Life Lessons: Brooke Bennett goes for more gold
Three Olympic gold medals just wasn't enough for swimmer Brooke Bennett.
She recently came out of retirement and is making waves among her competition.
We had the chance to find out why she just can't stop swimming.
You can find Brooke Bennett under water almost seven days a week.
"The water is like home to me," Olympic medalist Brooke Bennett says.
Life in the water has led to three Olympic gold medals and she's shooting for more.
"I have to say this is probably the most challenging thing that I ever asked of myself to do," says Bennett. "I think going for Olympic gold when you are young, you are chasing something you've never felt."
A lot has changed since getting the gold medals in Atlanta in 1996 and Sydney in 2000.
She had shoulder surgery, which she says has corrected her problems. She's 33 years old. She retired and then just un-retired.
"Training is different. I'm a lot older; it takes me more time to recover," explains Bennett.
She trains with high school students at least six days a week with many 4 a.m. wake-up calls.
"Some days it is really easy to hop up, and other days I put my feet on the floor and it's just a struggle just to get here and to keep my eyes open," says Bennett.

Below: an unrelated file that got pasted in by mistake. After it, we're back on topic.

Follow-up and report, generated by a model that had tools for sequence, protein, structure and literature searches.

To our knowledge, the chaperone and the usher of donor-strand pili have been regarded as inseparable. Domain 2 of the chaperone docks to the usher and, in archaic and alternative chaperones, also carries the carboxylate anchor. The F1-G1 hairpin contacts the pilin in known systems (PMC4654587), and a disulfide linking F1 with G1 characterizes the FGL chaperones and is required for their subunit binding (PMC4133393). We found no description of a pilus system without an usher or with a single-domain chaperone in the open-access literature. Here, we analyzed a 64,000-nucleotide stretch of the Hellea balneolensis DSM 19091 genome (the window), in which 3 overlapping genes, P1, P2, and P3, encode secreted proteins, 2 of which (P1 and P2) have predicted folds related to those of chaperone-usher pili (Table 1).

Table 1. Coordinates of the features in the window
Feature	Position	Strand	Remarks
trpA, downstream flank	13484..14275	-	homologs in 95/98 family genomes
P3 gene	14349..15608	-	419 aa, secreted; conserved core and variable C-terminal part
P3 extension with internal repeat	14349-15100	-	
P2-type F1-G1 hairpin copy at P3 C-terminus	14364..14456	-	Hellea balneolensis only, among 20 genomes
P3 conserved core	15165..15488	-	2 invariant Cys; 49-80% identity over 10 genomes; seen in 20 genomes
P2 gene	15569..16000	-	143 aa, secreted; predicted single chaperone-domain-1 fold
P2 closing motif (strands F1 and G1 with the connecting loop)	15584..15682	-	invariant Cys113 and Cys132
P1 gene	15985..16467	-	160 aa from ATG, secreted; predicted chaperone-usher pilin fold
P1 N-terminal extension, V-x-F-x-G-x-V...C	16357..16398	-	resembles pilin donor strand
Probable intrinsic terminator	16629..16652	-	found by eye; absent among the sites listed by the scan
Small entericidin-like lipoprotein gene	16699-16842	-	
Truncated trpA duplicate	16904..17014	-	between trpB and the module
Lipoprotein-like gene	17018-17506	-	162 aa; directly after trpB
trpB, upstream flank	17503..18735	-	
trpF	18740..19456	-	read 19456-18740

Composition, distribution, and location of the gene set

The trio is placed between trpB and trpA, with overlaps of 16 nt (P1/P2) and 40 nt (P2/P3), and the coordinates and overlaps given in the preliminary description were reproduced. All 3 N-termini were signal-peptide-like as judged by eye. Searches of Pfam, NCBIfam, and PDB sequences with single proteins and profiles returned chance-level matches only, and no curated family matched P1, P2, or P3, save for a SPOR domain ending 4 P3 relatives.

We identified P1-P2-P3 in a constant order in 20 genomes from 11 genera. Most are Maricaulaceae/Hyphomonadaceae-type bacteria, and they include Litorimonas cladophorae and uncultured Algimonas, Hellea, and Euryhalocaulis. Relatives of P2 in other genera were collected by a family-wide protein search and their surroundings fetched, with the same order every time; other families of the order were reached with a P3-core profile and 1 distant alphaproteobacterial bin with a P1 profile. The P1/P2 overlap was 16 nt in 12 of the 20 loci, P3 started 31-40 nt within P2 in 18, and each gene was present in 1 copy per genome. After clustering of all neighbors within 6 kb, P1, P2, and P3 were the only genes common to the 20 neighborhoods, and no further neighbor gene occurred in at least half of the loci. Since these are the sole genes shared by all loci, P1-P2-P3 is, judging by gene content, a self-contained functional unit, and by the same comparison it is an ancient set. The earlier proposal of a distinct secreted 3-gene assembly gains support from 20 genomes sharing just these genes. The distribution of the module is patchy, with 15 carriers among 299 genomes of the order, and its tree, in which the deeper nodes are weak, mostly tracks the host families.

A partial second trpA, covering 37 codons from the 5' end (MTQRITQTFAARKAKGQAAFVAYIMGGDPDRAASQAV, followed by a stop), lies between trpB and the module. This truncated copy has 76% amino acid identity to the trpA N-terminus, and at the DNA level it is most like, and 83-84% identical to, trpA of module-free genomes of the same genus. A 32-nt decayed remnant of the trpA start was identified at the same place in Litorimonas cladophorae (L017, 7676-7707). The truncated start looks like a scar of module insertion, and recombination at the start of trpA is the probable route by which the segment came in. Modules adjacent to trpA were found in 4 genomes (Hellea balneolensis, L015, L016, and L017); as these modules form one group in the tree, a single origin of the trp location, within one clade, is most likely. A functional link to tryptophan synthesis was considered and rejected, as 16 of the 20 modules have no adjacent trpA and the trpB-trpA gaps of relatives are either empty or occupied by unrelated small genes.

After training, somehow she finds the energy for a full-time job as a television sports reporter for Bright House Sports Network in St. Petersburg, Fla.
Bennett believes, "The support group that I have is probably what pushes me on the days that I really need them."
Coach Randy Reese says Olympians like Brooke have a common trait: they enjoy hard work and don't miss a day of training.
"There's a lot of competition," explains Reese, director of aquatics at the Clearwater Aquatic Team. "It's going to be very difficult, but you never count people that are hard workers out."
Along with the 2016 Olympics, she hopes to compete in more marathon swims.
After her first marathon swim, she rewarded herself with a leg tattoo.
"Why not give what I can give, 100%, and say Rio 2016; if it happens, it happens. I'm going to do marathon swims and then be done. I think at 36 I can officially say I am hanging the suit up for competition and be done," says Bennett.
But for right now, she doesn't feel at all like a fish out of water and she's ready to show the world what she's got.
Bennett also includes yoga in her training. She says every 12 to 13 days she doesn't train at all.
She is active with the Swim Across America charity. Recently she helped raise $150,000 for a hospital in the Tampa Bay area.
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